Books

‘In Shades of Envy’ is a good, fast-paced read

“In Shades of Envy” by JLYZ; American Star Books ($19.95)
“In Shades of Envy” by JLYZ; American Star Books ($19.95)

Idaho author JLYZ sets the scene artfully with a love story in which an American woman, Jenny, reluctantly moves to a ruined castle keep when she follows her English husband, David, to their new home.

The story slips easily between current time in a small sleepy English village with one main road and no rail service, and medieval times with its hardship, death — and one person’s forgiveness of the castle’s owner centuries before.

Once Jenny is ensconced in the English countryside, the story quickly develops into what seem to be several overlapping intrigues that send Jenny’s life into a spin. She feels strange connections to the past and makes discoveries of lies and deceit in both worlds.

As a botanist, David must go to Brazil for fieldwork just five months into their relocation. Jenny develops daily rituals to make the time pass, including daily walks with her dog Shakespeare (a stray that came into her life two months before David left) to the post office to check for seed packages David has mailed, grocery shopping and visiting with the old couple down the road. Arriving home, she puts the seed packages into the file cabinet unopened to save for David’s return, mulls wine and makes dinner before taking a stab at writing, a bath and turning in.

The keep is old, and even though they spent some of Jenny’s $3 million inheritance from her deceased parents to fix it up, the plumbing and electricity are still iffy. One evening Jenny is doing laundry in the cellar and as she turns on the washing machine, the fuse blows, throwing the cellar into total darkness. Feeling along the wall toward the fuse box, Jenny trips over Shakespeare — who digs and barks madly at the wall before falling through it into a passageway that has mysteriously appeared.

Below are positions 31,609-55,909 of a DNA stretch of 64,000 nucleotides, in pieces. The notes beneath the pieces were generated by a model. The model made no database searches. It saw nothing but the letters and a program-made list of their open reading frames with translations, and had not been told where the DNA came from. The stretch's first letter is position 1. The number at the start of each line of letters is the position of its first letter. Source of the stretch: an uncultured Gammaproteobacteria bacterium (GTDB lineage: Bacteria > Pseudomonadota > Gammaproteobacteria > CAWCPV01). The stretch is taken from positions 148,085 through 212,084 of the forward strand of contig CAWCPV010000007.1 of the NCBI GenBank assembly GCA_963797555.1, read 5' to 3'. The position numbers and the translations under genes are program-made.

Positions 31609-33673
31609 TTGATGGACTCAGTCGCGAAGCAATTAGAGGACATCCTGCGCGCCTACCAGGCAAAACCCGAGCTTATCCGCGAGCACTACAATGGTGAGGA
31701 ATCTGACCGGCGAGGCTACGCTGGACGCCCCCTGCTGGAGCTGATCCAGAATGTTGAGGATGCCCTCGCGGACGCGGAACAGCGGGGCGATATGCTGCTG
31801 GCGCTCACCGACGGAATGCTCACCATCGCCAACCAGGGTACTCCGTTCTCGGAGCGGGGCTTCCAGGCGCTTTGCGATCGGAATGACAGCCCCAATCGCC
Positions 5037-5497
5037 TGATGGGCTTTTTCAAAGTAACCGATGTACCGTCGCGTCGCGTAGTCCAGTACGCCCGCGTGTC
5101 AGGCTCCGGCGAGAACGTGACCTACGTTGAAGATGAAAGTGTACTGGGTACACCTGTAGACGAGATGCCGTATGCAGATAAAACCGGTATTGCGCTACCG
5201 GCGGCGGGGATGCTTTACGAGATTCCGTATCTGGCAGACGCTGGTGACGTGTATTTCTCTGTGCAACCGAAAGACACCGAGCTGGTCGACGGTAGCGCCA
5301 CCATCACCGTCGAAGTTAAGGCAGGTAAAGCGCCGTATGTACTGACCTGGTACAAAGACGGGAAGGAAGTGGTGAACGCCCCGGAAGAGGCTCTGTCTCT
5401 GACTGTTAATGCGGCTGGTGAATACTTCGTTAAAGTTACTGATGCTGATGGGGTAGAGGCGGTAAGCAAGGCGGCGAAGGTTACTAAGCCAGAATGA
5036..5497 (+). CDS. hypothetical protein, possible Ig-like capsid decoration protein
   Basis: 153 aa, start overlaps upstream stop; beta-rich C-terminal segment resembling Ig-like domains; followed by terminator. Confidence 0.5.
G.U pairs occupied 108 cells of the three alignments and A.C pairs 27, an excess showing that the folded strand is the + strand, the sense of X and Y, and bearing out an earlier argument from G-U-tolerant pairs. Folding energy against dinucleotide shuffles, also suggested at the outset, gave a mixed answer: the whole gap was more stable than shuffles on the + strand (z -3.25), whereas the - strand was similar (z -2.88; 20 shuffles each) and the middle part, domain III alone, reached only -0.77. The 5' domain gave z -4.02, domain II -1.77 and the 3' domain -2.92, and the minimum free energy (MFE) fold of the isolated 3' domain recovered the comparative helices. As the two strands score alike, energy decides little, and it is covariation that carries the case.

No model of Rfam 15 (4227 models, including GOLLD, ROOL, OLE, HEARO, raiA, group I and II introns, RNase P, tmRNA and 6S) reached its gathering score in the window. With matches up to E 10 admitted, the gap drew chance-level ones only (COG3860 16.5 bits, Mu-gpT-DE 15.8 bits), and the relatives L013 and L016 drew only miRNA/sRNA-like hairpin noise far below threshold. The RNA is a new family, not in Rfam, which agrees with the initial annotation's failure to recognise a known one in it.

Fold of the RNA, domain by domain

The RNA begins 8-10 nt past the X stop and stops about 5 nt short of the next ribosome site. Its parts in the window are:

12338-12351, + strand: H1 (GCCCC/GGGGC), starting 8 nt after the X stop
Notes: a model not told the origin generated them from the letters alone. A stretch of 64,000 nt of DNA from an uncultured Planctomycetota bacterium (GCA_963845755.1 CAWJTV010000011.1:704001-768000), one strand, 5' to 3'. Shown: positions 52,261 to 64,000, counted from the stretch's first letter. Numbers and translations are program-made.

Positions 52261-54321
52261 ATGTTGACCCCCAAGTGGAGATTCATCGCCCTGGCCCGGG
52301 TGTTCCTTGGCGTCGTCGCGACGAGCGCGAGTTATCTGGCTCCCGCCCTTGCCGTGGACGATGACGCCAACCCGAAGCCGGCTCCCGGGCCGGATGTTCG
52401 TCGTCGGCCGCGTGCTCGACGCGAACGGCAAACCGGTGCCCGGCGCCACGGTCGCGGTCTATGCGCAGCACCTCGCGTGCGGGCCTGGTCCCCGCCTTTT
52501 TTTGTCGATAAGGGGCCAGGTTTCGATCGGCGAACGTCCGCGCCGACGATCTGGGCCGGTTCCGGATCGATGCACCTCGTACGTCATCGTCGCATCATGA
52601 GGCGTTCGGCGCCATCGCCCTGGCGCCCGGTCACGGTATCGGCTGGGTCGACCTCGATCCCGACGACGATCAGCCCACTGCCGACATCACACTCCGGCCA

The stench almost floors her, but Jenny has to follow Shakespeare. As she stumbles out of the darkness of the passage, she finds herself in a room, a cell, she didn’t know existed. Shakespeare is laying on the cot as if he belonged there, and a candle is burning on the desk. As Jenny turns to leave, she hears a clang and finds a garnet ring on the floor. Feeling a little too uncomfortable, she leaves hurriedly, just as the candle dies, running back to the cellar.

When the same thing happens more than once, Jenny begins to explore the room and finds a journal and a Bible belonging to Lord Roland d’Albernait from the late 1400s. Reading his journal entries before bed, Jenny dreams of a man who has come to love her — until it becomes all too real and she wakes herself up with a start.

To top it all off, Inspector Jarod Butler, of Scotland Yard, shows up on her doorstep one morning looking for her husband, searching the home and taking the file cabinet with all of the unopened packages, with no indication as to why. Jenny is confused and not at all sure what has happened but continues on with her daily routine.

Ghosts of both the past and present merge with lies and false identities, making Jenny wonder if she has gone insane or if everyone around her has lost their minds.

“In Shades of Envy” is an easy read for a lazy afternoon. Ignore the distractions of misplaced words and missing punctuation and enjoy the fast-paced story.

Shelly M. Doty is associate academic program coordinator at Boise State University’s Albertsons Library.

  Comments